I'm developing REST services for some time for at my job and the most difficult part it's when I have to make a some changes to structure of the request/response objects and this is the result of the very nature of a REST service, a call made through an HTTP Request with a meaning full URL path like http://api.uber.com/products?localtion=lisbon where you normally receive a JSON result.
Usually a use a Swagger to generate a nice documentation so that clients can easily check the service details and test if needed, here an image with an example from a generate web API description from the swagger website:
The problem with JSON, despite of being so dynamic, we lose type and with this we lose tooling and compile time errors witch are handy to catch errors earlier than in runtime.
In the traditional way, where we use SOAP services (for instance WCF from Microsoft), you can use the WSDL file to generate the client proxy witch has all the methods available in the server and with the advantage of getting strongly typed classes witch it's awesome for tooling and intellisense.
But... there's hope, the team behind the Swagger tool created a nice "WSDL and Proxy Generator" for REST API's that generate code for all this languages
And this is so cool that this even allow us to generate the Server side code as well.
You can see in the demo editor page how this works, just select one of the dropdowns (Generate Server or Generate Client), select the language/framework and that's it, you will download a complete Server API or Proxy Client in the language of your choice. You can also edit the contents of your REST Service directly in the browser
Because I'm .NET developer, I use a :NET tool called Swashbuckle that it's a development by the .net community that uses All the Swagger features for .NET.
To see a complete list of Swagger Community integrations go here.
When developing c# apps sometimes we import and use external dll's that may have dependencies from another dll's.
When you do that you might encounter an error of type "The located assembly's manifest definition does not match the assembly reference".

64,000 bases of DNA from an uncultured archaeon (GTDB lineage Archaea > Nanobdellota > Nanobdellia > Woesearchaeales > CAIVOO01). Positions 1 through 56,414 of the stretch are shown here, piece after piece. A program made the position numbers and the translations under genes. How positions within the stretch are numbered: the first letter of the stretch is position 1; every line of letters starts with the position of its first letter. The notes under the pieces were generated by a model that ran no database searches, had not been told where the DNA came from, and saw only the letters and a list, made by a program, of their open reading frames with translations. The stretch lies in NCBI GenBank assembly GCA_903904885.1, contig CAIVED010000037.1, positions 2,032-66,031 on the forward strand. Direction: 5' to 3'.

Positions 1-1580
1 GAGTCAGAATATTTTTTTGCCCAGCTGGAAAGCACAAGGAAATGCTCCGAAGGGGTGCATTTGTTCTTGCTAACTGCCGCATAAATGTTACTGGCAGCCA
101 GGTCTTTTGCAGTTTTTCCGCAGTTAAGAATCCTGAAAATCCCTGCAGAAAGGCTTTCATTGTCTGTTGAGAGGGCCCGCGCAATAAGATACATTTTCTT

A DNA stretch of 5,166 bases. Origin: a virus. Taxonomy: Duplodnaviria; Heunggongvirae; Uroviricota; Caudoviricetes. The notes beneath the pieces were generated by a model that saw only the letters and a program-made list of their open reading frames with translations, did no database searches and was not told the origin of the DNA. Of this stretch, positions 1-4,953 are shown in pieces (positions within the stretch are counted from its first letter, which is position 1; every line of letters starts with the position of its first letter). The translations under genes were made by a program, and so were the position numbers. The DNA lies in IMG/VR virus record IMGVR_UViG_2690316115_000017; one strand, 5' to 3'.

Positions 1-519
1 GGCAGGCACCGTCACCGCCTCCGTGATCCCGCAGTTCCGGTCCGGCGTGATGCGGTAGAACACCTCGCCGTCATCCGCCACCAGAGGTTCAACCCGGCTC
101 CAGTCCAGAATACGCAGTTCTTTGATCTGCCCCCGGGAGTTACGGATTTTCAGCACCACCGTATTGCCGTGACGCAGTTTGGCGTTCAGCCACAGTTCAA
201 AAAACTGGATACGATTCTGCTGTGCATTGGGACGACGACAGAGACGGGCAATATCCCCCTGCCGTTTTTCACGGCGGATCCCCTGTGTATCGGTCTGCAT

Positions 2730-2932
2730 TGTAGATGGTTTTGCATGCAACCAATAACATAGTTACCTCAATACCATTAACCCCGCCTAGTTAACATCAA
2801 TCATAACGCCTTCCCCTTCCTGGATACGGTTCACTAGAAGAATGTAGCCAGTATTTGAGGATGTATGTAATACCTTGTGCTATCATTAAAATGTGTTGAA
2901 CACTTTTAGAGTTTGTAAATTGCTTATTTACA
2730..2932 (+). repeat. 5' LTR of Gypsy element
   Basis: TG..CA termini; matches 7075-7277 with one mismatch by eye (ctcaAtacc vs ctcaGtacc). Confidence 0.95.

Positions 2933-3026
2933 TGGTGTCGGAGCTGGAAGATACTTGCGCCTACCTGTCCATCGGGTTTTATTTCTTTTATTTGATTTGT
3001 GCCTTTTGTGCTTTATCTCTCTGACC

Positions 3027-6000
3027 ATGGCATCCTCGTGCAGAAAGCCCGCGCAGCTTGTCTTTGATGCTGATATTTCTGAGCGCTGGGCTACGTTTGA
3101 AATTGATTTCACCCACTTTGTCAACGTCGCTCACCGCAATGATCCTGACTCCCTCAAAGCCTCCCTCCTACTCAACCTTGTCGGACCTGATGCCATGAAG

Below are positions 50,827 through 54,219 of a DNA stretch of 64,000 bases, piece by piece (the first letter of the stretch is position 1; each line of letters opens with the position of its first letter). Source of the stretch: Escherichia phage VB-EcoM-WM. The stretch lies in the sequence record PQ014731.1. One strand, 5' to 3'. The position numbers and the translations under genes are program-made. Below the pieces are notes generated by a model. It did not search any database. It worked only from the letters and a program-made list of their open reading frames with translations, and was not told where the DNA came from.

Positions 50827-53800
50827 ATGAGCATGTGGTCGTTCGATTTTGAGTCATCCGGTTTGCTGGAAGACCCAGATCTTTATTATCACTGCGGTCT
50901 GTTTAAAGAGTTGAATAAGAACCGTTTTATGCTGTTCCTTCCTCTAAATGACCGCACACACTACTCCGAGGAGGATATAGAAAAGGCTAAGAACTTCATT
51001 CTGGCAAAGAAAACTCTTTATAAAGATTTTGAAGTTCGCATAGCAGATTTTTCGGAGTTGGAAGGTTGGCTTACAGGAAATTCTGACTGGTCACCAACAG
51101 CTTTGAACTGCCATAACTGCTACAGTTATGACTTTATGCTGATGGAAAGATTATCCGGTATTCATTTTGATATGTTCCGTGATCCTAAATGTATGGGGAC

For instance, In a project I'm working for I had this error:
What this means is that the framework was looking for an assembly called WebGrease with a version 184.108.40.206624, but the version I have on my solution was 220.127.116.1134.
To fix this I added an assembly binding in web.config by forcing an old version to look for a new version (in my case the version 18.104.22.168.234 for the WebGrease dll) as you can see in the pic below:
Doing this fixed my problem:
Hope this helps someone :)
If you're like me you and like to learn from the best in our fields in high hopes that one day you to can be a guru in your field, Microsoft released some time ago the source code for all .NET Framework in cool site witch is powered by the new compiler Roslyn and where you can see how the c# gurus program.
It's very useful when you trying to understand what's happening behind the scenes and learn how to code well and follow great standards, all you have to do is navigate in your browser to http://referencesource.microsoft.com/, type a class name or any .net component and explore.
For instance in the image below, I typed "String" in the search box and the string class that every .net developer utilizes shows up and it's a enormous the amount of code in a "simple" class that we use in our day-to-day dev work.
You can check a short video on how to use this tool provided by Microsoft and their team.
Kudos for the .NET team and Microsoft's change of thinking on how to deliver tools and frameworks to the dev community and embrace the open source